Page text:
Public education in Illinois is broken
This analysis of Illinois funding for public education, published in 1966, shows that the more things change, the more they stay the same.
“One year ago, Gov. Otto Kerner of Illinois set up a 56-member task force to study education in Illinois and to propose policies to upgrade the weaker schools. The chairman of the task force, Prof. William P. McLure of the University of Illinois, reported back that two-thirds of the schools are giving ‘substandard’ education.
“ ‘We have some of the best financed and best organized schools in the world,’ McLure declared, ‘and some that are below the level of the average in Mississippi.’
“Since then, no major improvements have been launched — except that the superintendent of public instruction has now emblazoned in red on all his official envelopes: ‘Quality Education for All Youth Is Our Goal.’
“Ray Page, the Illinois superintendent, reveals the low standard of public schools in a report for 1962-63. It shows astounding differences among the districts. The report lists the districts in four groups by type and size. A study of the 70 poorest districts — if we take the lowest 5 percent of each group — shows that they are distributed among 36 of the 102 counties. Forty of the 70 are found in ‘Little Egypt,’ the poor and underdeveloped area in southern Illinois.
“Startling contrasts of riches and poverty are found side by side. The richest and the poorest are in Massac County. Maple Grove Elementary district had an assessed valuation of $400,981 per Average Daily Attendance pupil in 1962-63. Nearby is the 12-grade Brookport Unit District with a valuation of only $3,795 per ADA pupil. Maple Grove gets its wealth from the huge electric plant built a few years ago to serve the uranium plant across the Ohio in Kentucky. To nearby Brookport, the plant could as well be located in Georgia. Just west of Massac is Pulaski County, with eight of the poorest districts. They, too, can only be envious of the Maple Grove District. . . .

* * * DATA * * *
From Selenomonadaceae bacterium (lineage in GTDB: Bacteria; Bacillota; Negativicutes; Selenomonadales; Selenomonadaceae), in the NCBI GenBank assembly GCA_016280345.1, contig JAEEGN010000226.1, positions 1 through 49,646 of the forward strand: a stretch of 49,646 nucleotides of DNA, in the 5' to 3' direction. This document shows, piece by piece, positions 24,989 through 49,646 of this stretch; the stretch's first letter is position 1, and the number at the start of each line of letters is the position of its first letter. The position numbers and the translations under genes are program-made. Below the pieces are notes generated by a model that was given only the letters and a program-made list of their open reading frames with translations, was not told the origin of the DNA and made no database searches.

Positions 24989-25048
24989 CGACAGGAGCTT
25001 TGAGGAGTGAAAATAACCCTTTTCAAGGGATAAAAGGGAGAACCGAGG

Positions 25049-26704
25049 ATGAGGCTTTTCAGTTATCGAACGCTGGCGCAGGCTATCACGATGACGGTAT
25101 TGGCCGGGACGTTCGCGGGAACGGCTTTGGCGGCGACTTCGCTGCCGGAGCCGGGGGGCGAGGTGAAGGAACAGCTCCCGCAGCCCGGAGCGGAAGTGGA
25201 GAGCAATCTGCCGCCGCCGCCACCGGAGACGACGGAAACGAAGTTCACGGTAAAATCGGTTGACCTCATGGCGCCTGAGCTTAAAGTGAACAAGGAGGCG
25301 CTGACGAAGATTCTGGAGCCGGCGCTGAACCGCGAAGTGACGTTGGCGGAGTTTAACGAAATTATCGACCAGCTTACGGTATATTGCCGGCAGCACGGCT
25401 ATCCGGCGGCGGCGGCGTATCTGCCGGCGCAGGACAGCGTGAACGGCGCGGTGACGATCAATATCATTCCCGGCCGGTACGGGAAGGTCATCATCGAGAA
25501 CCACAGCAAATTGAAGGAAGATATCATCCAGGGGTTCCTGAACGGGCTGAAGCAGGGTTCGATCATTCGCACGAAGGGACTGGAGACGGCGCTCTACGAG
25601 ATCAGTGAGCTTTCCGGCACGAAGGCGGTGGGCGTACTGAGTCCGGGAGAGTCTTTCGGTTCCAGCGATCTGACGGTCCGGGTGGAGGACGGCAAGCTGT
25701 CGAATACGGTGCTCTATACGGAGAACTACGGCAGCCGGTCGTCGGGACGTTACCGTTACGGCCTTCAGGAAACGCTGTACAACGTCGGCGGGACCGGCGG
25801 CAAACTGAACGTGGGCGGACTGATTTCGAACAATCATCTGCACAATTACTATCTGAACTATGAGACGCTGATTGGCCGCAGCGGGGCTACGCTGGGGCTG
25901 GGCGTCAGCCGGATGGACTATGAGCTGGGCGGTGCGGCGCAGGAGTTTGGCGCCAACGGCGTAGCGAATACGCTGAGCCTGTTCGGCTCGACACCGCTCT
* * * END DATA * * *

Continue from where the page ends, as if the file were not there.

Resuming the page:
“In 1965 the General Assembly revised the state-aid formula but made no change in the system. The formula guarantees each district a foundation level of $330 per ADA pupil. Each district is allocated a flat grant of $47 per pupil, plus an equalization grant if the district qualifies. . . . This program, however, does not equalize education because the foundation level is hundreds of dollars below an adequate education. It merely distributes funds to help the poorest districts offer a minimum education. . . .
“Reformers advocate a flexible program designed to attain both quality and equality in education. Such a program would provide education equal to the best for every school district. The equalization formula must help the poor districts match the high quality that is set for every district in the state. There must be a sharing of costs. The state must set an incentive to spur local tax effort. The local district must be guaranteed an adequate level of support, but only on condition that it make a tax effort up to a reasonable limit. At present four states – Delaware, Rhode Island, New York, and Wisconsin – have adopted this principle. . . .
“A proposal for equalized education was introduced into the 1965 General Assembly but failed to win strong support. Opponents had a question that the reformers could not answer: ‘Where is the money coming from?’ Obviously, as long as Illinois is hard-pressed for revenue it cannot triple its school aid. Illinois must find new sources of revenue before it can reform its educational system.” – Floyd Mulkey
Mulkey was an editor with the New Standard Encyclopedia when his article, “Illinois Education: The System Must Go,” was published in the September-October 1966 edition of FOCUS/Midwest.